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Being slightly under the weather lately, my chance encounter with a compatriot with zero knowledge of anything about Nigeria after Gowon was therapeutic.


If you are a Nigerian in the diaspora, engaged daily with Nigeria and her wahala, and health challenges force a short hiatus on you, pray you encounter a compatriot who left Nigeria in the 1970s – preferably before 1975 – and has cut off completely from Nigeriana ever since.

It is not that they will not complain about Nigeria – complaining about Nigeria is a genetic prerequisite of that nationality – it is just that their ‘most current’ current affairs is from 1974 and earlier.

“Ah, Mobolaji Johnson was doing a lot of nonsense as governor of Lagos. I even remember a pot hole somewhere in Obalende. It took them nearly a week to fix it. Shior.”

“In fact, there was a time Water Corporation took water in Yaba for nearly two hours without explanation. Just imagine! A whole two hours without running water from the taps. I nearly died that day. That may have been the day I decided to leave that yeye country. Shior.”

Because he has little or no reference to power cuts, he will also remember “a light bulb that died in one government office and it took several hours to replace it. Just imagine? Shior”

He will sip from his beer mug, eat a chicken wing, and return to his animated discussion of how bad things had become in the only version of Nigeria he had – the Nigeria of the 60s and 70s – before he left. You will be nodding appropriately and agreeing with “Uncle” that what he is describing is horrible and intolerable.

“Ah, Pius, I tell you, things were bad. Even when you stepped out of Bobby Benson’s hotel or the shrine, I remember being harassed by one or two beggars and had to give them sisi each” (Uncle has no reference to area boys or police asking him to roger. He has no reference to the social phenomenon of every Nigerian greeting, over-greeting, hyper-greeting and tuale-ing him aggressively in the hope of roger so you have to agree with him that his one memory of being approached by two beggars in Lagos is also evidence of hell.)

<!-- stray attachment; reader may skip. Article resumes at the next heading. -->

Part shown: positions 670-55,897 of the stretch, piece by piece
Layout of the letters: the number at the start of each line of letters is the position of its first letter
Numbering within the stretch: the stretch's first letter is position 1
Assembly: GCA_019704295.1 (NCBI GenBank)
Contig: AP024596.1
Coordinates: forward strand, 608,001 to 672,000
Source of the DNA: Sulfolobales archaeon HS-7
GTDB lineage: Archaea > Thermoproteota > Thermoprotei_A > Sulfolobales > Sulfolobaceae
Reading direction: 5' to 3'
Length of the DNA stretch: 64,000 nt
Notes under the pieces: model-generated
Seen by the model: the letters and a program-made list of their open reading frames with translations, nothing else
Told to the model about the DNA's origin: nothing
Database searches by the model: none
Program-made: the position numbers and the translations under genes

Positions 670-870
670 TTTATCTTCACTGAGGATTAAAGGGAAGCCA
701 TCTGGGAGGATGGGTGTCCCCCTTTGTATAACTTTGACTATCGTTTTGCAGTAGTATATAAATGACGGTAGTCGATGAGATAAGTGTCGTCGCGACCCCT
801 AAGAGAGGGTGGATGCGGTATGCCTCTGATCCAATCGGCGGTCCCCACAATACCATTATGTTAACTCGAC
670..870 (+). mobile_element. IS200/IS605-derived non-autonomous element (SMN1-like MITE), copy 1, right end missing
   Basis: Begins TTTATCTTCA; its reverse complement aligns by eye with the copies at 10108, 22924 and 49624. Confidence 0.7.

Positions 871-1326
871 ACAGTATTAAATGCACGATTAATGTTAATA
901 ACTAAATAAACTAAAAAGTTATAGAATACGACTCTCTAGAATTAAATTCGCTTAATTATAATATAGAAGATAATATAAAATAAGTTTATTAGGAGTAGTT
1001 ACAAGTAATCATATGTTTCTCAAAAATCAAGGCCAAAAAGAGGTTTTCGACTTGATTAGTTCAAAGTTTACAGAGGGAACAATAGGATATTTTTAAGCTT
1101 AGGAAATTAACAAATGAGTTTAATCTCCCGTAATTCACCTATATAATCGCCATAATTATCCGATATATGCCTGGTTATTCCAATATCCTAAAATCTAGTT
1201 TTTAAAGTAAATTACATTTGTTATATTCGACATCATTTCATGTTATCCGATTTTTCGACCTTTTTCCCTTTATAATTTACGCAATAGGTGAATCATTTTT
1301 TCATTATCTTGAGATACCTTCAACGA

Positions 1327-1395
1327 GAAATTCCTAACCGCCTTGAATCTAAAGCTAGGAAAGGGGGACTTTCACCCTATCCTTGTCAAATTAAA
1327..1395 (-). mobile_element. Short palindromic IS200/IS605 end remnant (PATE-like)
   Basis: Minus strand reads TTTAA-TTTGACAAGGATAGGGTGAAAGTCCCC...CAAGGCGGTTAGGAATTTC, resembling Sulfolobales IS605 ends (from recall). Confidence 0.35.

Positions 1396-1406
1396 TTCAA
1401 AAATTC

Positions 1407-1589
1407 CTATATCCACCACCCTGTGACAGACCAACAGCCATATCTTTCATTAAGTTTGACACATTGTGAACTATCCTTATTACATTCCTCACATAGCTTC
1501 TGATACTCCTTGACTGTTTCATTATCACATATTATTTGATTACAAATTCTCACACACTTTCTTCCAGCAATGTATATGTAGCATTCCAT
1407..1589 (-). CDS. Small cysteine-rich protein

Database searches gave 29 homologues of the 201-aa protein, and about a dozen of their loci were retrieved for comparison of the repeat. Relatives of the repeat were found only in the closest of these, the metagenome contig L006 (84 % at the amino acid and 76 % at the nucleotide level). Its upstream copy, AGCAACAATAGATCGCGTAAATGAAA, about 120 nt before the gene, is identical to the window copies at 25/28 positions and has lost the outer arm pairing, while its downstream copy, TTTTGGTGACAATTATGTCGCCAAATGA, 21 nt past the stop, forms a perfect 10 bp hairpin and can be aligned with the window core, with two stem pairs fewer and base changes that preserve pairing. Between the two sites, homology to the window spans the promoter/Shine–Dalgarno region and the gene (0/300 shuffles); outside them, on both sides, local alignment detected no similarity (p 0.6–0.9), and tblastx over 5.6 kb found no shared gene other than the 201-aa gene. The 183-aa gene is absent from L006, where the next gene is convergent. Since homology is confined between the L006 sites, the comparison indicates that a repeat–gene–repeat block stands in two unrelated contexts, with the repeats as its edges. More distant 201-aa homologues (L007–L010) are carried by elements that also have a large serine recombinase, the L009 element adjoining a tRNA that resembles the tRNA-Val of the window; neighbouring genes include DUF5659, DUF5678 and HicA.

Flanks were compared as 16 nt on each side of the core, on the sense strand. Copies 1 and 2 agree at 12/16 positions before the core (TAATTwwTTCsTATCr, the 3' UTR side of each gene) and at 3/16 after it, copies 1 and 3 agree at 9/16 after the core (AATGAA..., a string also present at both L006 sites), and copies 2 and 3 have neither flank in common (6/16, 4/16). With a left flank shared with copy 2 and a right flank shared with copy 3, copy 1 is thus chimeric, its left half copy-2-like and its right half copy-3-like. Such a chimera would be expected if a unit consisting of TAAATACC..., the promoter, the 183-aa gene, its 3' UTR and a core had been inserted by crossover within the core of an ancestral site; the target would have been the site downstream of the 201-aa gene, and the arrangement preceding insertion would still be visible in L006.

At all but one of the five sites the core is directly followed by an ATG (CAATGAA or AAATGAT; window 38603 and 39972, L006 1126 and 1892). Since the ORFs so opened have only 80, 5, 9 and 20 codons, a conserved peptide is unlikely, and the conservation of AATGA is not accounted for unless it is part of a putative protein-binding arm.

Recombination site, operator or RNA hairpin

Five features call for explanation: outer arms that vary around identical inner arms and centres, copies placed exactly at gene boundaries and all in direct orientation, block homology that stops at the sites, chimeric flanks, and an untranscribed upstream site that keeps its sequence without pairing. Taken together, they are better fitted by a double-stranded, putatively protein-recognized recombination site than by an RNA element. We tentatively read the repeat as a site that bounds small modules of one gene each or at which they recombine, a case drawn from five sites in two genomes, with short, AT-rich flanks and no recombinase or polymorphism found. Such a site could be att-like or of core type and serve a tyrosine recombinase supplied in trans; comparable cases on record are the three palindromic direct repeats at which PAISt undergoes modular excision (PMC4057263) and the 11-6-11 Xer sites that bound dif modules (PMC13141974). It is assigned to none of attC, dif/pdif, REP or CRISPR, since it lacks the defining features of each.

More beer. More chicken wings.

If it was possible, I would gladly take his “hell” of the 60s and 70s and hand over to him Nigeria’s present, that is Nigeria as currently run by his contemporaries and juniors.


“Ah, Gowon! That one spent nearly two thousand naira on his state wedding. Nonsense.”

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“They even nearly removed Planta and jam and Horlicks and cornflakes from our buffet breakfast in the cafeteria of UNILAG. Just imagine. Opelope aluta!”

This is the point where you agree vigorously with Uncle that he was right to leave. He is right to have religiously cut out news from such a terrible place in the last 40 years.

London is the world headquarters of such disconnected Nigerian Uncles. They have them aplenty in London. Awon Baba London. Sartorial in their late 60s and 70s. Walking stick. Swagger. Blissfully cut off from anything Nigeria after the mid-1970s. They wield the only version of Nigeria they have authoritatively like a staff of office, often speaking in the present tense.

They have them too in the United States. On occasion, I encounter them in Canada.

They say humour is the best medicine. There can be no better medication than a social encounter with a Nigerian whose worst version of Nigeria is one pot hole on a Lagos road in 1973 or the near removal of jam from his breakfast menu in the University cafeteria.

Being slightly under the weather lately, my chance encounter with a compatriot with zero knowledge of anything about Nigeria after Gowon was therapeutic.

If it was possible, I would gladly take his “hell” of the 60s and 70s and hand over to him Nigeria’s present, that is Nigeria as currently run by his contemporaries and juniors.

Pius Adesanmi, a professor of English, is Director of the Institute of African Studies, Carleton University, Canada.